What Biden's win means: Washington state Republicans

As the Biden-Harris administration prepares to take power, Crosscut asked six opinion writers to share early thoughts on what comes next.

loren culp

Republicans need a leader with the populist allure of Loren Culp who can also appeal to the suburbs, writes John Carlson. (Jason Redmond for Crosscut)

Who says democracy doesn’t work? A divided country has delivered a divided government. American voters narrowly pink-slipped their bombastic populist president, but largely upheld his policies. Congressional Democrats expected 10 to 20 new House seats. Instead they lost half a dozen, and may lose 10 when the counting is done. Polling experts gave Democrats a 76% chance of netting three or four seats to win control of the U.S. Senate. They netted one. What about that heavily financed effort to win control of state legislative bodies in time to redraw congressional and legislative district boundaries? Of the 99 legislative state chambers in America, the Democrats, as of Saturday, have flipped zero.

But Washington state? No divided government here. Of Washington’s nine statewide offices, Republicans had two. Now they have one, Secretary of State Kim Wyman. Instead of losing seats in the state House, Democrats won a couple. And they will maintain their comfortable majority in the state Senate.

Where does that leave Washington Republicans? Starting from scratch, without Donald Trump hovering overhead. Republicans should do what they should have done a couple years ago: develop a policy agenda that gives them a distinct identity, regardless of what’s happening in D.C. Dan Evans did that in the late ’60s and early ’70s. It mostly worked. Who can lead such a parade? I don’t know who, but I know how: Someone must appeal to working class voters who were motivated by Loren Culp (who ran almost five points ahead of Trump), and simultaneously appeal to the suburbs, where both men tanked.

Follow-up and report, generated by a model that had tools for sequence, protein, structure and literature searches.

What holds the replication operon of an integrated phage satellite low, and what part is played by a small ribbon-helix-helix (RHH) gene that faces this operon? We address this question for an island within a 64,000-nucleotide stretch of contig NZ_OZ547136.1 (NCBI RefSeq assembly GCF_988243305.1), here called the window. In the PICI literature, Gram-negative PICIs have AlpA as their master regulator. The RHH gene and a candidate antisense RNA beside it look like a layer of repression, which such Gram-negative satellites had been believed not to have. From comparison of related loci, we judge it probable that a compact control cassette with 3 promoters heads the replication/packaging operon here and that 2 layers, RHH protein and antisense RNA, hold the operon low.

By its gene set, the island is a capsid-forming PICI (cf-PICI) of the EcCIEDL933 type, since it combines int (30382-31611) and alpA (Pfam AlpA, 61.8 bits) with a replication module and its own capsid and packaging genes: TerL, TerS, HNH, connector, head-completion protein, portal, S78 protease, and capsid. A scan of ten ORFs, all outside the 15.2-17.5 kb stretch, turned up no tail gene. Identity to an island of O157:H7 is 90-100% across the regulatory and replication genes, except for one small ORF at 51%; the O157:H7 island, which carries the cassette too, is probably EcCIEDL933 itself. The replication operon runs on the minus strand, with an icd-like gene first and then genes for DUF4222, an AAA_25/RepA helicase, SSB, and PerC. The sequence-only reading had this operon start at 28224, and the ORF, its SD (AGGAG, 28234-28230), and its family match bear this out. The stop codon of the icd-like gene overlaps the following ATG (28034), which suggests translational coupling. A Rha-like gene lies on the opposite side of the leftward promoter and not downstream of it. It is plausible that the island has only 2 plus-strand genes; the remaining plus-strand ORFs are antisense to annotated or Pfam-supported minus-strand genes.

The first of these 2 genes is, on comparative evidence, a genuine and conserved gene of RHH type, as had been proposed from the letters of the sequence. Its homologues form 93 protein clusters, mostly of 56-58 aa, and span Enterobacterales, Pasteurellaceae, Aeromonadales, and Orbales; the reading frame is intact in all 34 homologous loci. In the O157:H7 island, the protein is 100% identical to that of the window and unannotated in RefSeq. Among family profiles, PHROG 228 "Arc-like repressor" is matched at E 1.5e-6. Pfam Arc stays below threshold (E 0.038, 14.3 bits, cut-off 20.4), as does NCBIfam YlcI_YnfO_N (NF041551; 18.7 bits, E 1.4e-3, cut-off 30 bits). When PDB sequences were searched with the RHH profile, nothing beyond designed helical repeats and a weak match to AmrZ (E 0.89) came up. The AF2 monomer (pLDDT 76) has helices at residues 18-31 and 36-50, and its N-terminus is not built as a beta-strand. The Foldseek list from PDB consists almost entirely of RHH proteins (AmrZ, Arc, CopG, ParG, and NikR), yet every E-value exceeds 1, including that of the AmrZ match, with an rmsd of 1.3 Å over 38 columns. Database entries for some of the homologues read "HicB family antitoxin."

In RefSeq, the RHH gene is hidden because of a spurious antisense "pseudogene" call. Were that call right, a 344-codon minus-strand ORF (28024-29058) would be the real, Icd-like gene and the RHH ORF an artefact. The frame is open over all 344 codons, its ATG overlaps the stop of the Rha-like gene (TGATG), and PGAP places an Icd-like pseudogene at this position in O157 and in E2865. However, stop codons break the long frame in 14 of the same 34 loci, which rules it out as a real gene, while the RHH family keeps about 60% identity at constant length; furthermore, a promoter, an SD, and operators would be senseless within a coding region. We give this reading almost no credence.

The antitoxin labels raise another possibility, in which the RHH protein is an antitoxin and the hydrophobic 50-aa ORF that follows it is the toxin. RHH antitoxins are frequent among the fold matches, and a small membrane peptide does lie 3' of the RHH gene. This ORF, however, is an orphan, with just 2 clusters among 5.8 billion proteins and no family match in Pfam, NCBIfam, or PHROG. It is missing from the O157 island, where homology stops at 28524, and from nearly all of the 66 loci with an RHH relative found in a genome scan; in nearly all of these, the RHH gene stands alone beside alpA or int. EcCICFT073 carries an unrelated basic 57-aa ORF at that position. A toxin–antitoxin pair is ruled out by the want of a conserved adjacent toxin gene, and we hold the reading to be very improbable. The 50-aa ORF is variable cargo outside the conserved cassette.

The Democrats, ironically, will help them. With an open field to run on, they will go too far, as they’ve done with big majorities in the past. Republicans will be able to play off those extremes, and respond with an agenda that unites their party and appeals to independents and moderate Democrats. Here’s where to start: tax relief, education reform, lower car-tab fees and mandatory jail terms for crimes committed during a declared riot, including a six-month mandatory term for assaulting a police officer. Run them as ballot measures when Olympia blocks them.

It can’t get worse for Washington state Republicans than it is right now. Which means it’s about to get better.

Read more Crosscut contributors on what comes next:

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About the Authors & Contributors

John Carlson

John Carlson

John Carlson is a contributing columnist covering politics in Seattle and Washington state.